𝘚𝘵𝘢𝘳𝘨𝘢𝘳𝘥𝘵’𝘴 𝘋𝘪𝘴𝘦𝘢𝘴𝘦 𝘐𝘯𝘷𝘦𝘴𝘵𝘪𝘨𝘢𝘵𝘪𝘰𝘯𝘴 𝘢𝘯𝘥 𝘔𝘢𝘯𝘢𝘨𝘦𝘮𝘦𝘯𝘵
● Dark choroid sign- Not exclusive to Stargardt disease.
● Due to a lack of early choroidal hyperfluorescence, which is
blocked by high-grade lipofuscin accumulation in the RPE, thus improving visualization of the small retinal capillaries that become easily evident over the dark, non-fluorescent and high-contrast choroid (blockhead arrow)
● Atrophic fovea- choroidal vessels become visible
● Fundus flecks are seen as small irregular hyperfluorescent lesions
(arrow). The clinically visible flecks do not necessarily correspond to the window-defects in the FFA.
● Abnormally increased FAF represents excessive lipofuscin accumulation in the RPE.
● Inversely, decreased areas of FAF relate to low level RPE metabolic activity which normally underlies local atrophy with secondary photoreceptor loss.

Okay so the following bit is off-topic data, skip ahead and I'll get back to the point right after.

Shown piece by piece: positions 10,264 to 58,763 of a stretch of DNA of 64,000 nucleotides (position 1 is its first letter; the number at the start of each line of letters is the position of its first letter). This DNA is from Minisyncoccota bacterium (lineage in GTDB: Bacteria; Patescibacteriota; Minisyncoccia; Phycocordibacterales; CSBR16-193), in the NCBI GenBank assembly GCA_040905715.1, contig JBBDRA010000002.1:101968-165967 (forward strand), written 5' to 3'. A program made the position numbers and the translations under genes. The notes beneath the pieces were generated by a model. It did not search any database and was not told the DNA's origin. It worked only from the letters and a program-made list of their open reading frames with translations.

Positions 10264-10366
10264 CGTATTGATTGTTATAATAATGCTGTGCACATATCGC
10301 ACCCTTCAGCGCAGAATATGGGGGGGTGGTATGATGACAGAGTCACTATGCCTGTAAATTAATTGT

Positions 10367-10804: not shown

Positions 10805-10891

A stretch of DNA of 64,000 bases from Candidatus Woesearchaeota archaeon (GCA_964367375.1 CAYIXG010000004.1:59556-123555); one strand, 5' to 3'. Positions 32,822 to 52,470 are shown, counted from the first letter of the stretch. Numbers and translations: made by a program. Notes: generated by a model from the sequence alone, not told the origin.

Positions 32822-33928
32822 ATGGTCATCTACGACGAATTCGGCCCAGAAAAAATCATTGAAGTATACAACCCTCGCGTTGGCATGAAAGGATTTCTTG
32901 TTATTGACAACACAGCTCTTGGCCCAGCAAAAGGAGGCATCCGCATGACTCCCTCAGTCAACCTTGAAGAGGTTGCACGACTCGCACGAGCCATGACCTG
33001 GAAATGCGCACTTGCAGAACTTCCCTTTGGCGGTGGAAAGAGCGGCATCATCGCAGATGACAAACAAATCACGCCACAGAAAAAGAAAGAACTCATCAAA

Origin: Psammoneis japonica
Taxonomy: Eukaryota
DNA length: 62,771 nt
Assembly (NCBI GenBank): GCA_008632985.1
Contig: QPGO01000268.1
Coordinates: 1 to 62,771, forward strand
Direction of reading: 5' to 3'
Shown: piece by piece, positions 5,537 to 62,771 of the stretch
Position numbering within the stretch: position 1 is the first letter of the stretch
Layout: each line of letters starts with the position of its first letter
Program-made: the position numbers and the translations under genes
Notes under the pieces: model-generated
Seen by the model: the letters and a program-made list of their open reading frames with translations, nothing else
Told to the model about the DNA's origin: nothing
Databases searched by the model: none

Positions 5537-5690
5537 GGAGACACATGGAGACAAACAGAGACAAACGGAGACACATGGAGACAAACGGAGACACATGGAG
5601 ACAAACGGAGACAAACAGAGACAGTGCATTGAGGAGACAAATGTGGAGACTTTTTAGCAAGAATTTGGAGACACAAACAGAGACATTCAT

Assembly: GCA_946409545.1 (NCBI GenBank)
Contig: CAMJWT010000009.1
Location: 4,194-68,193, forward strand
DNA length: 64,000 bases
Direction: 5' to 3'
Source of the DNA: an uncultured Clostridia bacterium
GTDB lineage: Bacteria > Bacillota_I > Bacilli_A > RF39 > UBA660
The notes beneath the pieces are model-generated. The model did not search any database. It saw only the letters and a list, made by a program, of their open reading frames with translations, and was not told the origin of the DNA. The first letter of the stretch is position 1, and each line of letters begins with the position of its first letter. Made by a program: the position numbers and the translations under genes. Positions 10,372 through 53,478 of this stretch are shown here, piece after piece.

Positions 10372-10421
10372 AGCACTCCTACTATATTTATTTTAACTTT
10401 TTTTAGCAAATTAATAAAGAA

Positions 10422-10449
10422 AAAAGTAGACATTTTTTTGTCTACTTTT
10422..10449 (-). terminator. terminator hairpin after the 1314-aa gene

● Abnormally high FAF intensity with all other normal parameters suggests that RPE lipofuscin deposition may be the first pathophysiological event in ABCA4-related disease.
● Normal in early disease. Reduced scotopic and photopic responses in advanced cases.
● Slow dark adaptation
● Shows atrophic changes and disorganisation in photoreceptors
● RPE and lipofuscin deposits maybe detected within the parafoveal RPE.
● No proven treatment.
● Avoid Vitamin A and its supplements- makes the disease worse.
● PUFA such as Docosahexaenoic acid (DHA) shown to reduce toxicity of
A2E ( In autosomal dominant Stargardt)
● Gene therapy
● RPE precursor cells derived from embryonic stem cells injected
Image from Rajan Eye Care Hospital #ophthalmology#ophthal#doctor#health#medical#vision#education#optometry#medicalstudent#optometrist#medicine#eye#ophtho#ophthalmologist#ophthalmo#med#medicaleducation#ophthalmologyresident#ophthalmologyresidency#stargardtsdisease#maculardystrophy#retina#macular#retinaldystrophy